“Talent hits a target no one else can hit. Genius hits a target no one else can see.” — Arthur Schopenhauer
Like all geniuses, the CEO & founder of Penrose VR animation studio, Producer and Director Eugene Chung, says he stands on the shoulders of giants like legendary filmmakers Irving Thalberg, Walt Disney, Alfred Hitchcock, and Hayao Miyazaki. I was blown away by his sixteen-minute narrative VR masterpiece Arden’s Wake at the Tribeca Film Festival’s Immersive Arcade in April so I jumped at the chance to meet Chung at Penrose’s San Francisco office, and to experience Arden’s Wake and its critically acclaimed predecessor, Allumette, again.
Arden’s Wake was even better the second time I saw it. It’s a completely new, original approach to immersive storytelling that makes us think differently about how third person narratives will work in this new medium. I saw something revolutionary like this once before, in this very same city, in 1986, when Pixar’s “Luxo, Jr.” was first screened. It re-defined animation. We had never before seen anyting like it. Twenty years later Disney acquired Pixar for 7.4 Billion dollars.
If you’re making VR experiences, or are a theater director, film maker or interactive media producer interested in immersive storytelling, you MUST experience Allumette and the upcoming Arden’s Wake for yourself to see just how Penrose is innovating in this new medium and finding solutions that have eluded others who are pandering to a family audience with the techniques of 360 videos.
Arden’s Wake takes us inside a Waterworld-like post apocalyptic world, where a teenage girl lives in a Nemo-like lighthouse built atop a decaying underwater skyscraper. When her inventor father is lost while diving, she takes his underwater vehicle into the ruins to find him. The 3D animation is simply amazing. We follow the tiny characters and their narrative as if we are giants looking into a dollhouse.
Allumette was the talk of the Tribeca Film Festival in 2016. Wired Magazine declared “The stunning Allumette is the first VR Film masterpiece!” This fifteen minute narrative VR experience is loosely based on Hans Christian Andersen fairy tale, “The Little Match Girl”, but set in a a Venitian floating world. Overall it has the feel of a popup children’s book, which makes it all the more shocking when Chung soulfully and unflinchingly executes Andresen’s tragic ending. In Allumette we first see the VR storytelling techniques Chung and his team poineered to give the viewer control over scale, perspective and presence, replacing the traditional cinematic language of intercutting and parallel action invented by D.W. Griffith in 1908.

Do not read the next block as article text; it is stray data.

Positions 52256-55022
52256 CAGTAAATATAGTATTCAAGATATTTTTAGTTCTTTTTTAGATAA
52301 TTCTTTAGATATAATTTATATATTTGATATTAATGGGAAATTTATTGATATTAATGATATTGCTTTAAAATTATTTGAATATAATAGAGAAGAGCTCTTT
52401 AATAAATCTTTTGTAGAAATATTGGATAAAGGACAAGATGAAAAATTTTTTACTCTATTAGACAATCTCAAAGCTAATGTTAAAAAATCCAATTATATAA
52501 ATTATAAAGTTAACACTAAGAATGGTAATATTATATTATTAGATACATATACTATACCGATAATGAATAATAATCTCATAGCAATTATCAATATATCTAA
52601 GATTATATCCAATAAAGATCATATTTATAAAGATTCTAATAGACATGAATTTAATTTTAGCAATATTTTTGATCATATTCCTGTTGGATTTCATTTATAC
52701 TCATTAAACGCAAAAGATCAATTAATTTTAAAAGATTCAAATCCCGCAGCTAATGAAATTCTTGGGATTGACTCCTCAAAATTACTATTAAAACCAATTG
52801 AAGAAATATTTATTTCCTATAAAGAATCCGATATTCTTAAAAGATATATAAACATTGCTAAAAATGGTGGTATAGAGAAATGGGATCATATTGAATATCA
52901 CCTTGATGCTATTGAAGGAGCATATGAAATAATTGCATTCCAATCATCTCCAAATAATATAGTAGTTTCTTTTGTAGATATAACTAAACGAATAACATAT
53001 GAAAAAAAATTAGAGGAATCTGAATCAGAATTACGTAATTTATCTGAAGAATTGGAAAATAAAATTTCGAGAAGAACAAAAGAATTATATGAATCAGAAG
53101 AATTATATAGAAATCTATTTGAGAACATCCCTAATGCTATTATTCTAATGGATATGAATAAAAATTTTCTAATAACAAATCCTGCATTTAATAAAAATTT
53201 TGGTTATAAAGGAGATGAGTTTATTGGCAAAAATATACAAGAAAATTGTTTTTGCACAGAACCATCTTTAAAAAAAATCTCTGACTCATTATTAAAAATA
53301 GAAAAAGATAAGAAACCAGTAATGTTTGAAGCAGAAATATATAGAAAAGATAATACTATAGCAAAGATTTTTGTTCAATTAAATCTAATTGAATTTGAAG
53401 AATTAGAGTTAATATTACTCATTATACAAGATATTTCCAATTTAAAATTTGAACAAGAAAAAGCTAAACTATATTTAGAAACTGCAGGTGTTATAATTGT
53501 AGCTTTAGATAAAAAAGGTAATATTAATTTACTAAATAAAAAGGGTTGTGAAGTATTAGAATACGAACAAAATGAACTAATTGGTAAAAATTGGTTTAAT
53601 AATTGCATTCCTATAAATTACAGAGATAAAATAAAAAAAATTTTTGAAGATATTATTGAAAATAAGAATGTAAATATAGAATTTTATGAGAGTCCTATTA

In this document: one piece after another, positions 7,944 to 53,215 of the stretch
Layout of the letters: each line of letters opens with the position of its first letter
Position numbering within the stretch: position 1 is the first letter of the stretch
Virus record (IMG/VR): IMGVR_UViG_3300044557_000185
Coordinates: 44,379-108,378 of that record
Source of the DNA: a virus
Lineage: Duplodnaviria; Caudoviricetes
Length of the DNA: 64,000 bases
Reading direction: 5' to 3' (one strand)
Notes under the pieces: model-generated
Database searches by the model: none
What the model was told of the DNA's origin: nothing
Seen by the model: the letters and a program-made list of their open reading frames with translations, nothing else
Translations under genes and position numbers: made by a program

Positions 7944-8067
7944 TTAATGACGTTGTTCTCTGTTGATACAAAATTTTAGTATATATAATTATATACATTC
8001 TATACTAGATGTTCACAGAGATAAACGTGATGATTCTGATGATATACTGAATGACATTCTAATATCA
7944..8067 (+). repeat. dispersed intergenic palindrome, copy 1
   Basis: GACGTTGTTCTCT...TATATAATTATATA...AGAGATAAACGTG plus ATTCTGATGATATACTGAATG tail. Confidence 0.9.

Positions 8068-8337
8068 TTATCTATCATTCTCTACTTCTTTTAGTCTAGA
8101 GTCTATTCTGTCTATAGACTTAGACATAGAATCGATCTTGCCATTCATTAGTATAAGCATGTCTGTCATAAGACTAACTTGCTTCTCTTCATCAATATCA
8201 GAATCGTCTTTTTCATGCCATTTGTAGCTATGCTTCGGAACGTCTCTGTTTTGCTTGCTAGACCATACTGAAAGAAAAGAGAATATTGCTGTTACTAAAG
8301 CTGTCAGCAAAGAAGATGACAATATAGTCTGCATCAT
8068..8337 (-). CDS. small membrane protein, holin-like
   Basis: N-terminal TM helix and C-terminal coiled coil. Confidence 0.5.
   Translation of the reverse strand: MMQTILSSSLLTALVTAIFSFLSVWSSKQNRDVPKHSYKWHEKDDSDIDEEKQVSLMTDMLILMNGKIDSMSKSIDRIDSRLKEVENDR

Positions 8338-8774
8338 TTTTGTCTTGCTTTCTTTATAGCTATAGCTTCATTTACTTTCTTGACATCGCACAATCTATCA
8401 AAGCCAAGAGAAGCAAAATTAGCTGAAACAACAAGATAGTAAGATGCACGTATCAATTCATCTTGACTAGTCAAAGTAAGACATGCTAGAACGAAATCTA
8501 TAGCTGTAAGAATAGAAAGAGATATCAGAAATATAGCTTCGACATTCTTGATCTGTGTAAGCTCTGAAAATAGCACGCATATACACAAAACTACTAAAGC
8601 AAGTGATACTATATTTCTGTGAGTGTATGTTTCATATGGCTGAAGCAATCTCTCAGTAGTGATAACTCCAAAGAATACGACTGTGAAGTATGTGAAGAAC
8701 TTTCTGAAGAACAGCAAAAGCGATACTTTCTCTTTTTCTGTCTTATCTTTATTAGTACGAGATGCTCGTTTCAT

As in the early days of film, or motion pictures, or movies, we are so early in the development of this medium we don’t have words to describe it, even to other people inside the industry. Arden’s Wake is not a film. It’s cinematic, but not live action. It’s a story. A narrative. It has main characters, though they are stylized like the stop motion maquettes featured in the movies Nightmare Before Christmas and James and the Giant Peach. Certainly, like all VR, we experience it, though experience doesn’t quite capture it, either. Escape Rooms are experiences, too. “Sleep No More”, the smash hit New York show now entering its sixth blockbuster year, is called immersive theater, which Chung says strongly influenced him, along with the operas in which his father performed. He says he is also inspired by video and strategy games, whose miniature style suggested the god-like perspective of his narrative VR experiences.